The Asian Voice

In UK's best interests, Liz Truss should put aside her ideology: China Daily contributor

The writer says it would be an irrational and unwise decision for Ms Truss to pursue a path of coldness or confrontation with China.

Liz Truss, known for her highly ideological worldview and hawkish foreign policy, replaces Boris Johnson in Number 10. PHOTO: AFP

BEIJING (CHINA DAILY/ASIA NEWS NETWORK) - Liz Truss was confirmed on Monday as the new leader of the Conservative Party and the prime minister of the United Kingdom, beating her rival, Rishi Sunak.

Truss, known for her highly ideological worldview and hawkish foreign policy, replaces Boris Johnson in Number 10, after he was forced out of office following a series of scandals which tarnished the reputation of his government.

Truss had secured her ascendency as part of his cabinet, having served first as trade minister and then foreign secretary.

Truss's tenure as prime minister however, is off to an uneasy start.

Things are not well in the UK.

The economy is in contraction and will soon enter a formal recession.

Inflation is soaring, with economists predicting that it could rise up to 23 per cent by next year, and energy bills are skyrocketing as a consequence of the impact of the Ukraine conflict on energy markets.

Truss also faces the dilemma that she has been elected by only the actual members of the Conservative Party, she is largely unpopular among the public in the UK.

She has vowed to almost immediately take action on bringing power bills down, but aside from an immediate cap it remains to be seen what she proposes to do to bring down prices.

But there is another elephant in the room too: China.

Liz Truss is a vocal China hawk who took every opportunity as foreign secretary to be critical of Beijing and enthusiastically joined the bandwagon of any US initiatives.

She replaces the more balanced and favourable approach of Boris Johnson, who had described himself as a "Sinophile" and would have been supportive of the UK's economic engagement with China were it not for the United States.

Truss however, has consistently and publicly sought confrontation with Beijing during her tenure as foreign secretary, with rhetoric that has been a mix of both UK chauvinism and ideological crusading.

She has pushed concepts such as a "Network of Liberty", talked about "bringing countries into the orbit of democratic, free market democracies" and argued that ideology should ultimately come first when it comes to trade.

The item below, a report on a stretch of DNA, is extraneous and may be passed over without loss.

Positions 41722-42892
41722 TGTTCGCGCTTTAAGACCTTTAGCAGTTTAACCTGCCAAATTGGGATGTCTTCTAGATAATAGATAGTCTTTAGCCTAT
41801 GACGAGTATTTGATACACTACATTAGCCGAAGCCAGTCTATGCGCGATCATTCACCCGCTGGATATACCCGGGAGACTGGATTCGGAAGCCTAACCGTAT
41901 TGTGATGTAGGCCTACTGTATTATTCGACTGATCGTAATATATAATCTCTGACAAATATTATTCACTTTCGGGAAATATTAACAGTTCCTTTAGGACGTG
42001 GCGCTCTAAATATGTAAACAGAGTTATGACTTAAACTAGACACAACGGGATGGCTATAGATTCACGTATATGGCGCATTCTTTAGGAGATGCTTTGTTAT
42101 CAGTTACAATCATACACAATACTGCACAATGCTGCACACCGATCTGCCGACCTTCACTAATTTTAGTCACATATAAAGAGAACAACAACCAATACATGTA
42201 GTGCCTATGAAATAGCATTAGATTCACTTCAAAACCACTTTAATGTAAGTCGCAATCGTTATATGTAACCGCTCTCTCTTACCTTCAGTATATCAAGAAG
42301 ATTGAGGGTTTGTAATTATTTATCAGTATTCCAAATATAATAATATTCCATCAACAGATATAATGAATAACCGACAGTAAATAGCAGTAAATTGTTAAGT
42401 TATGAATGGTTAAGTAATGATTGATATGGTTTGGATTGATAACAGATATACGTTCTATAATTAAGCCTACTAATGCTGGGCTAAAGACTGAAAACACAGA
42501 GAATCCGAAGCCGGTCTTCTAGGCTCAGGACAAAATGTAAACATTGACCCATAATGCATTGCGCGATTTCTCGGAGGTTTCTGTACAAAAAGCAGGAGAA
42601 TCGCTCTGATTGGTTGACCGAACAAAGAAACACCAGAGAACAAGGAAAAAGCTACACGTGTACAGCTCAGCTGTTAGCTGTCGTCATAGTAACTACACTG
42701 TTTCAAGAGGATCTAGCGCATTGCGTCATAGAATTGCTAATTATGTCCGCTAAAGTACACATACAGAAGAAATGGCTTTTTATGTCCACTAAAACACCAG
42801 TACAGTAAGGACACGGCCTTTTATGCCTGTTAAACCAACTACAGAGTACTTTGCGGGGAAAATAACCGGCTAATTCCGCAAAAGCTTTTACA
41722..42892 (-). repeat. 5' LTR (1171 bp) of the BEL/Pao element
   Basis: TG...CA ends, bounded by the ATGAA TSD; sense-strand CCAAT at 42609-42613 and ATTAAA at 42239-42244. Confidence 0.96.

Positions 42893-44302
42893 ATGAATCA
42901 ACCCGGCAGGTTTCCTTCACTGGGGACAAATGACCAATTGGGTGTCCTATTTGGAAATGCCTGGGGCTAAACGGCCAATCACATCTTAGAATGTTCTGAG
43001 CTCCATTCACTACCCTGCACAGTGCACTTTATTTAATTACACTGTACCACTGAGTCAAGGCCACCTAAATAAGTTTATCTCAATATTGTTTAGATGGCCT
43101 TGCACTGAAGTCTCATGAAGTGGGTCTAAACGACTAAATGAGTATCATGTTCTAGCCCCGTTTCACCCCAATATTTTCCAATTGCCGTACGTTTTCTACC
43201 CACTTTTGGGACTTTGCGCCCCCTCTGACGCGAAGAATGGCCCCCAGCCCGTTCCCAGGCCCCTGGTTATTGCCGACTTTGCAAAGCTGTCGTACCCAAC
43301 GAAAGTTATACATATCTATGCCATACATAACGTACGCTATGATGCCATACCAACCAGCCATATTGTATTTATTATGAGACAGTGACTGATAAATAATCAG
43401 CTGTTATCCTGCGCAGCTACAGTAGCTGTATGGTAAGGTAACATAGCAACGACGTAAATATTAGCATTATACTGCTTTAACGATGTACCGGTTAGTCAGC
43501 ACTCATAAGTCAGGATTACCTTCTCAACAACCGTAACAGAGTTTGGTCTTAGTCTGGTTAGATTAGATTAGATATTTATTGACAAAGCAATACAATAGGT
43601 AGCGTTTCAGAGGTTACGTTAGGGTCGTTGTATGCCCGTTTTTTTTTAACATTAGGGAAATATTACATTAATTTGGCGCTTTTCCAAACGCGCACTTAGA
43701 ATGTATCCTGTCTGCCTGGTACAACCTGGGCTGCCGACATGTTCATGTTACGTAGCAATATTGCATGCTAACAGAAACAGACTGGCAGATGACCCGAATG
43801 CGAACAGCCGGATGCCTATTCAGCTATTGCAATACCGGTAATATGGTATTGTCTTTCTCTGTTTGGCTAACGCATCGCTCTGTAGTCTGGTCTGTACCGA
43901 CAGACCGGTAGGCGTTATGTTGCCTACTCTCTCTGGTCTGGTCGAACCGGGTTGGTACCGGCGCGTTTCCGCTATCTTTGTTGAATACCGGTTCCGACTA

The leadership contest with Rishi Sunak quickly become a "race to the bottom" in respect to China bashing, with each candidate seeking to rigorously "out hawk" the other.

This played to Truss's advantage, and as a result most commentators are pessimistic that UK-China relations will improve under her tenure.

Yet, given the UK's economic reality, it would be an irrational and unwise decision to pursue a path of coldness or confrontation with China.

Liz Truss has frequently spoken of a "global Britain" and "making Britain more competitive" for investment and business around the world.

Yet it seems quite obvious that if left to her own devices she will be confrontational toward China, which of course is detrimental to her very intentions.

After all, China is the world's second-largest economy and is one of the UK's most important trade and investment partners. According to the UK's Office of National Statistics China was the UK's largest import partner and sixth-largest export partner for goods in 2021, with the UK having imported 63.6 billion pounds of goods from China in that year, whilst exporting 18.8 billion pounds of goods.

The trade between the two has increased as a direct consequence of Brexit, which has damaged the UK's ties with European markets.

In addition, 28,930 Chinese students are studying at British universities in the 2021-2022 academic year, an increase of 12 percent from the previous year.

According to the British Council, this is worth 2.55 billion pounds a year to the British economy.

It is undeniable that open, cooperative and stable economic and human-to-human ties between the two countries are highly lucrative.

Therefore, this poses the question is it wise for Liz Truss to harm ties with China further in the name of ideology, and at the behest of US-centric foreign policy goals?

Truss may talk a lot about democracy, but this dogmatic rhetoric is not going to address the poor economic performance of the UK create jobs or bring inflation under control, all of which are necessary to ease simmering discontent.

If Liz Truss is to be a successful prime minister both at home and on the world stage, then she should be more diplomatic, prudent and rational about the UK's relations with China. Certainly, there can be no "global Britain" without considering the dynamic of the world's most populous country and largest consumer market.

A foreign policy of ideological confrontation on the other hand, will be truly disastrous for UK and will make a bad situation worse.

Before US pressure set in, UK leaders understood the value of good relations China.

This was based on reason and national interest, not ideology. Truss must now make that adaptation accordingly and avoid an abrasive relationship which will only risk isolating the UK further on the global stage.

  • The author is a British political and international relations analyst. China Daily is a member of The Straits Times media partner Asia News Network, an alliance of 22 regional media titles.

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